Economy has taken the center stage in the U.S. presidential contest as rivals Republican John McCain and Democrat Barack Obama made dueling economic speeches over how to boost the ailing U.S. economy on Monday.
U.S. Democratic presidential candidate Senator Barack Obama recognizes a friend in the audience as he addresses a National Association of Latino Elected and Appointed Officials conference in Washington, June 28, 2008. (Xinhua/Reuters Photo)
Both candidates turned to the No. 1 issue for voters as a recent poll by Democracy Corps suggested that voters are very much up for grabs on economic issues.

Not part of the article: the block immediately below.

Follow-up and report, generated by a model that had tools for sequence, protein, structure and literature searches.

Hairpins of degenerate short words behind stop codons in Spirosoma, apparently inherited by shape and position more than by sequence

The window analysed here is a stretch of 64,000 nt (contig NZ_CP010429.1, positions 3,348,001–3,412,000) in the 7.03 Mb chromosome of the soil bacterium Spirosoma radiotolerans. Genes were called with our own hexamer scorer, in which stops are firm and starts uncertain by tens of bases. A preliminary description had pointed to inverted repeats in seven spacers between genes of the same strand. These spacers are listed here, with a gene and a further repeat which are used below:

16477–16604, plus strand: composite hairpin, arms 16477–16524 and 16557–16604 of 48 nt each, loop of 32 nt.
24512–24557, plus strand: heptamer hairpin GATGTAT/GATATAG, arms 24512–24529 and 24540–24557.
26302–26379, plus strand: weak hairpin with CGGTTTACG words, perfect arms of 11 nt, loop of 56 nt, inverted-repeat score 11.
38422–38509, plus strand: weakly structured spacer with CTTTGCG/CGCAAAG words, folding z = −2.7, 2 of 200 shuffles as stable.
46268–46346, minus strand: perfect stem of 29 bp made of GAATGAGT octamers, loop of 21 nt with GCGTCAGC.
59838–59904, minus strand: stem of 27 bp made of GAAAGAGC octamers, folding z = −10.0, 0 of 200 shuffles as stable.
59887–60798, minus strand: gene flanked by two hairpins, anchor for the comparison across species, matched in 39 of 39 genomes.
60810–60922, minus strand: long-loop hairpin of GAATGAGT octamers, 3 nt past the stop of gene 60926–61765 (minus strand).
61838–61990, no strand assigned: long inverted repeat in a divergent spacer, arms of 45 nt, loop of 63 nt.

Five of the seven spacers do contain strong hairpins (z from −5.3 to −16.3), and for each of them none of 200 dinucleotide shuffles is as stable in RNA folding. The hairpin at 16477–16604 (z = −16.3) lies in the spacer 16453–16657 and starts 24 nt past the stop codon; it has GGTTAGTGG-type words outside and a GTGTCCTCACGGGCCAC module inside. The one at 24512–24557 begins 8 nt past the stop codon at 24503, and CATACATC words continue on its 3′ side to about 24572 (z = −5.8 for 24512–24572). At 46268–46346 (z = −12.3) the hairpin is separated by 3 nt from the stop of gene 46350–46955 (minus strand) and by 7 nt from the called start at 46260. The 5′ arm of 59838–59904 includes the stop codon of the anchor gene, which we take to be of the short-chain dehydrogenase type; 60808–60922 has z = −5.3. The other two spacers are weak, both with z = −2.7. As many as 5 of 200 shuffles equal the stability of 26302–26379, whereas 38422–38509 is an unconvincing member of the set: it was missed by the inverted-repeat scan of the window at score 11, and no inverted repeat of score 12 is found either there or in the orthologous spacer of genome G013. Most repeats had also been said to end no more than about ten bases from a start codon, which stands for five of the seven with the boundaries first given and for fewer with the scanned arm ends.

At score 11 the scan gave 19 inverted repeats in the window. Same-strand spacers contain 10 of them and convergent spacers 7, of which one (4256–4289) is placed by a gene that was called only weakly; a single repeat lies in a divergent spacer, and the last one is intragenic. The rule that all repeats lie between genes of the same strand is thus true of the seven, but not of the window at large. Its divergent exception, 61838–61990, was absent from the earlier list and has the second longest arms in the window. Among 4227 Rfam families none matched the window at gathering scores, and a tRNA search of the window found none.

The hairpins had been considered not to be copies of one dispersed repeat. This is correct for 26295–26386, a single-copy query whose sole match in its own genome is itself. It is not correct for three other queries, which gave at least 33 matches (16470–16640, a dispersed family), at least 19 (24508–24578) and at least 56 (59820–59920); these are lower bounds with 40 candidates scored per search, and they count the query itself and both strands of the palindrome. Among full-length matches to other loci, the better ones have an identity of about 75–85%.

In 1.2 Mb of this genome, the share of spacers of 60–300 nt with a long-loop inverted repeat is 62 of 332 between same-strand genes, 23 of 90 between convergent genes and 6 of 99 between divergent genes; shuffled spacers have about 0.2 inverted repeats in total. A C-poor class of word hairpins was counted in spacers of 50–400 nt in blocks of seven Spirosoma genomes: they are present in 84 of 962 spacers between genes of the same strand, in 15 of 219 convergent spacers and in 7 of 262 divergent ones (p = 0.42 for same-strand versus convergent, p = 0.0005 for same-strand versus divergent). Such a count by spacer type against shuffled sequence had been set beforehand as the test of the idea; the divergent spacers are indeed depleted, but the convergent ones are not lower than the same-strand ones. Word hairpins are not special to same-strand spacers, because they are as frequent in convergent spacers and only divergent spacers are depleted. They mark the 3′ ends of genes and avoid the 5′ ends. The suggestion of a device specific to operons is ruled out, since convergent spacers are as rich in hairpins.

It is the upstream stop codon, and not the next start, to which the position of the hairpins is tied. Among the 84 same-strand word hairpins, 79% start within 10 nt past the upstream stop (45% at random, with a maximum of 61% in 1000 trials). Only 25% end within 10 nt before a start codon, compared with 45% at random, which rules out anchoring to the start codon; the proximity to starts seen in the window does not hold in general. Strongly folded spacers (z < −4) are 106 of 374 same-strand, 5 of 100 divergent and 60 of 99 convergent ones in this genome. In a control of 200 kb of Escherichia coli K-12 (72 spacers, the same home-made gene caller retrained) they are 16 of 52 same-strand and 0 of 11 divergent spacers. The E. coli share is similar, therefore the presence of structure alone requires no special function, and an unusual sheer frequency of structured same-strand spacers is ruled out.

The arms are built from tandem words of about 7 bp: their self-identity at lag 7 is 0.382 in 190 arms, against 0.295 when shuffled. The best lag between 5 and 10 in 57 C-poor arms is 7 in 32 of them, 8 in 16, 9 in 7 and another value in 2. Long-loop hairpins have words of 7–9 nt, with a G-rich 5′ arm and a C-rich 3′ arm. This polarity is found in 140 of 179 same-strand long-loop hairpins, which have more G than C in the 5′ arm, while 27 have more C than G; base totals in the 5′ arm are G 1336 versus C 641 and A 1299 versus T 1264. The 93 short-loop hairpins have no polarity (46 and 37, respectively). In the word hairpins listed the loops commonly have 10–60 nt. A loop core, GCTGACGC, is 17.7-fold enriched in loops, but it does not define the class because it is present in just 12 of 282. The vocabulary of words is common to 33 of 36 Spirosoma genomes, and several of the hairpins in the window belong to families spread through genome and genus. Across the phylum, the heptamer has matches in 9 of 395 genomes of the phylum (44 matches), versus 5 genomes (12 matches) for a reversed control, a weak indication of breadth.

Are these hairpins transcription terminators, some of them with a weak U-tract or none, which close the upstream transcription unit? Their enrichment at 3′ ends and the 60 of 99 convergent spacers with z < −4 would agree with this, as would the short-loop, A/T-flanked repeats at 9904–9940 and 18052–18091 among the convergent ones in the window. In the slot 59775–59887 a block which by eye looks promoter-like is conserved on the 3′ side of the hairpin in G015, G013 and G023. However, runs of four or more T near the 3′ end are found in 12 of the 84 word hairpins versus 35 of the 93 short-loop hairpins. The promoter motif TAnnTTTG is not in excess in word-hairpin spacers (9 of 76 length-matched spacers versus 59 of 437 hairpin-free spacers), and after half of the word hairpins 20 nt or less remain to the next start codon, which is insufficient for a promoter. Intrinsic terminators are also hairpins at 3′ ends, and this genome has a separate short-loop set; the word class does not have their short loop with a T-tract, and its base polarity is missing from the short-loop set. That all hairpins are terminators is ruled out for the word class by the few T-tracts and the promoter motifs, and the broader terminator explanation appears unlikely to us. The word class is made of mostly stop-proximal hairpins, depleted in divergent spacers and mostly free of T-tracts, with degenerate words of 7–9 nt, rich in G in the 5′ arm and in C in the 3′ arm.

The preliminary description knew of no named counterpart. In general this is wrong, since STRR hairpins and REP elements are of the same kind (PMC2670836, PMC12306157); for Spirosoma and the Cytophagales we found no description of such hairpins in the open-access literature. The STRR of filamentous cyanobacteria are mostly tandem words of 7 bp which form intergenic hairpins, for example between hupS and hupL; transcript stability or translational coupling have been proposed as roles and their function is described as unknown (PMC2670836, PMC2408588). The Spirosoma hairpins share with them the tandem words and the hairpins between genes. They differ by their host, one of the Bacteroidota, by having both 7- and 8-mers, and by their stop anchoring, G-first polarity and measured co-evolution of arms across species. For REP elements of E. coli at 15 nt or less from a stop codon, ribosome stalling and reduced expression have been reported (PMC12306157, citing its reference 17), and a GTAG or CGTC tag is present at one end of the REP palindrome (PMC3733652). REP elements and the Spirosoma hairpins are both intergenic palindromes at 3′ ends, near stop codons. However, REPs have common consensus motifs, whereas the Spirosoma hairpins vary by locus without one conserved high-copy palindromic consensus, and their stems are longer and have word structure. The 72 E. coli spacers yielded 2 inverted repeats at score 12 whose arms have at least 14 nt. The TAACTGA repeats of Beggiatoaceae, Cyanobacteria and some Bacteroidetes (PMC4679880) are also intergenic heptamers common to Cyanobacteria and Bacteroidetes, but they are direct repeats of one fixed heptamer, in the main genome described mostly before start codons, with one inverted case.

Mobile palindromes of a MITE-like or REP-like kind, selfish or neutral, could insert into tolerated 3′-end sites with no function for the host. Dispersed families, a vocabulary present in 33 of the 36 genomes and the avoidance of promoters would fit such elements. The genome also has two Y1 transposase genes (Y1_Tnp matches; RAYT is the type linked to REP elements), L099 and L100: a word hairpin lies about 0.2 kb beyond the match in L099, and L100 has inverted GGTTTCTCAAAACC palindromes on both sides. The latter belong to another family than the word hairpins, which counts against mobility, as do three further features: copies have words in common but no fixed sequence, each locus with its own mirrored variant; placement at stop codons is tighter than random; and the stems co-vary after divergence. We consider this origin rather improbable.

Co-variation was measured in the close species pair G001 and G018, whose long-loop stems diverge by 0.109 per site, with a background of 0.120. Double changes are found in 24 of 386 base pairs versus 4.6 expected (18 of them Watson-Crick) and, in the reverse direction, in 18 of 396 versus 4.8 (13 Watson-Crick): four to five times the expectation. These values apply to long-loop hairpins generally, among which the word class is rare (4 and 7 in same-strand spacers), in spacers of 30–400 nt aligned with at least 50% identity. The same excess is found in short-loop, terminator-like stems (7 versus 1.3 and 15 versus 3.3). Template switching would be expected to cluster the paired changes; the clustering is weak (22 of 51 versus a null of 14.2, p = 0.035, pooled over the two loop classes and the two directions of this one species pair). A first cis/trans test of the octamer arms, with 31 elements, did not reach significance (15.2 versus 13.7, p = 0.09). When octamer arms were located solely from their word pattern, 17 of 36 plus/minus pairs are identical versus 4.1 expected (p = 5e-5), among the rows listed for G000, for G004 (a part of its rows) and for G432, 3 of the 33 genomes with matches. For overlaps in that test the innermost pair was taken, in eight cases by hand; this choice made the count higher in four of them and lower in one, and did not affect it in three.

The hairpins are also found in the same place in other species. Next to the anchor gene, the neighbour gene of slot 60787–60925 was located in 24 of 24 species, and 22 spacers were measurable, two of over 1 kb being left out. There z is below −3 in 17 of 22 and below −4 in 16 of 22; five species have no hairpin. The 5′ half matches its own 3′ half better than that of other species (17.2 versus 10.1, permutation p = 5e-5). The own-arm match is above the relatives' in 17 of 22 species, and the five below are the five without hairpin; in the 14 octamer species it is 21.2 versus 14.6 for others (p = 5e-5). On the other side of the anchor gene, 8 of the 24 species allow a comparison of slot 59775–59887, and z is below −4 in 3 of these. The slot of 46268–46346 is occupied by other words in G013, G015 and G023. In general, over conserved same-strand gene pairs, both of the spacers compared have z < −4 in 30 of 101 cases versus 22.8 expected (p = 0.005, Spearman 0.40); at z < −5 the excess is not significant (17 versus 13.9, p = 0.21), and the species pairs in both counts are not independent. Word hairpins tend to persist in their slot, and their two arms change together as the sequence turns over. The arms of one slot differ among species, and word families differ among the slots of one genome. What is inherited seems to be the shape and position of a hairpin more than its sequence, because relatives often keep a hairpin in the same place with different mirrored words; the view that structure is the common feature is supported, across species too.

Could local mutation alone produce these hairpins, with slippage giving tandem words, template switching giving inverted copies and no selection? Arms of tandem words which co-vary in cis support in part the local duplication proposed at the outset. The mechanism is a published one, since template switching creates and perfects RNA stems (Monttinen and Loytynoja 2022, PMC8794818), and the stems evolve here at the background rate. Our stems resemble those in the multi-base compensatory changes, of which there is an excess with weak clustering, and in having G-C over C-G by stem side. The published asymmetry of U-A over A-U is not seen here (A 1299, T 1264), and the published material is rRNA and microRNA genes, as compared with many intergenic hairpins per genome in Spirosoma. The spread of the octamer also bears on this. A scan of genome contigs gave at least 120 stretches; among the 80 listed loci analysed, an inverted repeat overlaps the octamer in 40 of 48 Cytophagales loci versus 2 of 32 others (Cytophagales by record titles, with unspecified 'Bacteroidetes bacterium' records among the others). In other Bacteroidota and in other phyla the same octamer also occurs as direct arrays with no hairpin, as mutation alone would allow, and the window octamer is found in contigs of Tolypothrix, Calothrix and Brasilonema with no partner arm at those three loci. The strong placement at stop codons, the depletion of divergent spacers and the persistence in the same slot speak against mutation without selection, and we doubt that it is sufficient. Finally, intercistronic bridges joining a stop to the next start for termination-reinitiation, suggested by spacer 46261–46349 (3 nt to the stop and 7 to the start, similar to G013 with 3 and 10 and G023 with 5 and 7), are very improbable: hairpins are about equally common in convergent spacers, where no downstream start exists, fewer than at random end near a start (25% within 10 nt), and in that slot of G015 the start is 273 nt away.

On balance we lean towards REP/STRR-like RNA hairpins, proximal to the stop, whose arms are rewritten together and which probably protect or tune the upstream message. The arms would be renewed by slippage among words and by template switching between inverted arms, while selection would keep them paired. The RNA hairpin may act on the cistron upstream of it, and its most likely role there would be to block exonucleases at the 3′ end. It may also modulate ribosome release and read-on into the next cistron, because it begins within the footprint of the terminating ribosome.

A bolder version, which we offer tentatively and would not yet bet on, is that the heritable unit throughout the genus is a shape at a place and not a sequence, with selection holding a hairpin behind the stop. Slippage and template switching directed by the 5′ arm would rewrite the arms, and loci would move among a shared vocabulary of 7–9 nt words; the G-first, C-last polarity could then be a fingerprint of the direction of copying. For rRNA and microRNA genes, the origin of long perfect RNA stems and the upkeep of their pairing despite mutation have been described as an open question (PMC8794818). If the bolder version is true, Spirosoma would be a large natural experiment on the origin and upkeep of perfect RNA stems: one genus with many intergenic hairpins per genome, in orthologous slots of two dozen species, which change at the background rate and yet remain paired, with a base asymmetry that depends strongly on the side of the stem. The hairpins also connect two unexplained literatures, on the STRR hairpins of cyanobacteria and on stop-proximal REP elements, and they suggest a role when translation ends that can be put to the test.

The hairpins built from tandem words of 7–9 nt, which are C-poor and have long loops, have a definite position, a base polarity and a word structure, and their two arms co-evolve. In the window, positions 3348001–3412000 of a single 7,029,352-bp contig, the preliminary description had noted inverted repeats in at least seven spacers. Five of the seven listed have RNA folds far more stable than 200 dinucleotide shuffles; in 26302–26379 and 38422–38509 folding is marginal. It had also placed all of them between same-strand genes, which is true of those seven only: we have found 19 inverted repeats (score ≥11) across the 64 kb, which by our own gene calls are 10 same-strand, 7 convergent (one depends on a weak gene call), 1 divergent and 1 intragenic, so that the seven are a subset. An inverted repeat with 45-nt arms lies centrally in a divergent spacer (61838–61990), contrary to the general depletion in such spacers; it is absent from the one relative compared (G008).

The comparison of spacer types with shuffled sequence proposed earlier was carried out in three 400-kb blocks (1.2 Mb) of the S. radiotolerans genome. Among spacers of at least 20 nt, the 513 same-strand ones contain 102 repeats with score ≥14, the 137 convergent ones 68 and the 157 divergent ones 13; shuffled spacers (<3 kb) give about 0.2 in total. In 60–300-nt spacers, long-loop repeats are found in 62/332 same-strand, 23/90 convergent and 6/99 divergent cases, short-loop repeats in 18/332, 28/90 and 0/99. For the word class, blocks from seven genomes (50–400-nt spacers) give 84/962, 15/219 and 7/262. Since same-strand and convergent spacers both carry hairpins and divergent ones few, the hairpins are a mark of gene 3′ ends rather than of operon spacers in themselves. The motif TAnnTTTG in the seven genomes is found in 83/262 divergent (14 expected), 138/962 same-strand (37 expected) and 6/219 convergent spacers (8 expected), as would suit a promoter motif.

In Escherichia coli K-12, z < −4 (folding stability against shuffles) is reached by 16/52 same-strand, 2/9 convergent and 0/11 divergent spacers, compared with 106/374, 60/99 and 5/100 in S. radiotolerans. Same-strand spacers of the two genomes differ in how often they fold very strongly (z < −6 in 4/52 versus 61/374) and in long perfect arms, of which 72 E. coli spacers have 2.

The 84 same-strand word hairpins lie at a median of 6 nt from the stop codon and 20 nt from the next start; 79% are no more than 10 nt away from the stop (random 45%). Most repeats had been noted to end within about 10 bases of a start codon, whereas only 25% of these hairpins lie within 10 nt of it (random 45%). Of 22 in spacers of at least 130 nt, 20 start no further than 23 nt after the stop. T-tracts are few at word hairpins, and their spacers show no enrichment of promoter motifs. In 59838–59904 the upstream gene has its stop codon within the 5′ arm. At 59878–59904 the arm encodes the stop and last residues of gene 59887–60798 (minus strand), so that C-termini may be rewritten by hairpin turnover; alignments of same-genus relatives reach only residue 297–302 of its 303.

In a speech to reporters after mechanical trouble forced his plane to make an unscheduled stop in St. Louis, Obama called for a 50 billion dollar stimulus package that would provide energy rebate checks for many families, a fund to help families avoid foreclosure and increased assistance for states hit especially hard by economic setbacks.
The Democratic senator favors tax cuts for middle-class workers and tax increases for top earners. He calls for substantial government subsidies for health care, college, retirement and alternative energies.
Obama said that McCain offers a third term of President Bush's policies.
"John McCain's policies are essentially a repeat, a regurgitation of what we've been hearing from the Republican Party over the last two decades, maybe three," Obama said, "It's part of the reason that we're in the situation that we find ourselves in right now."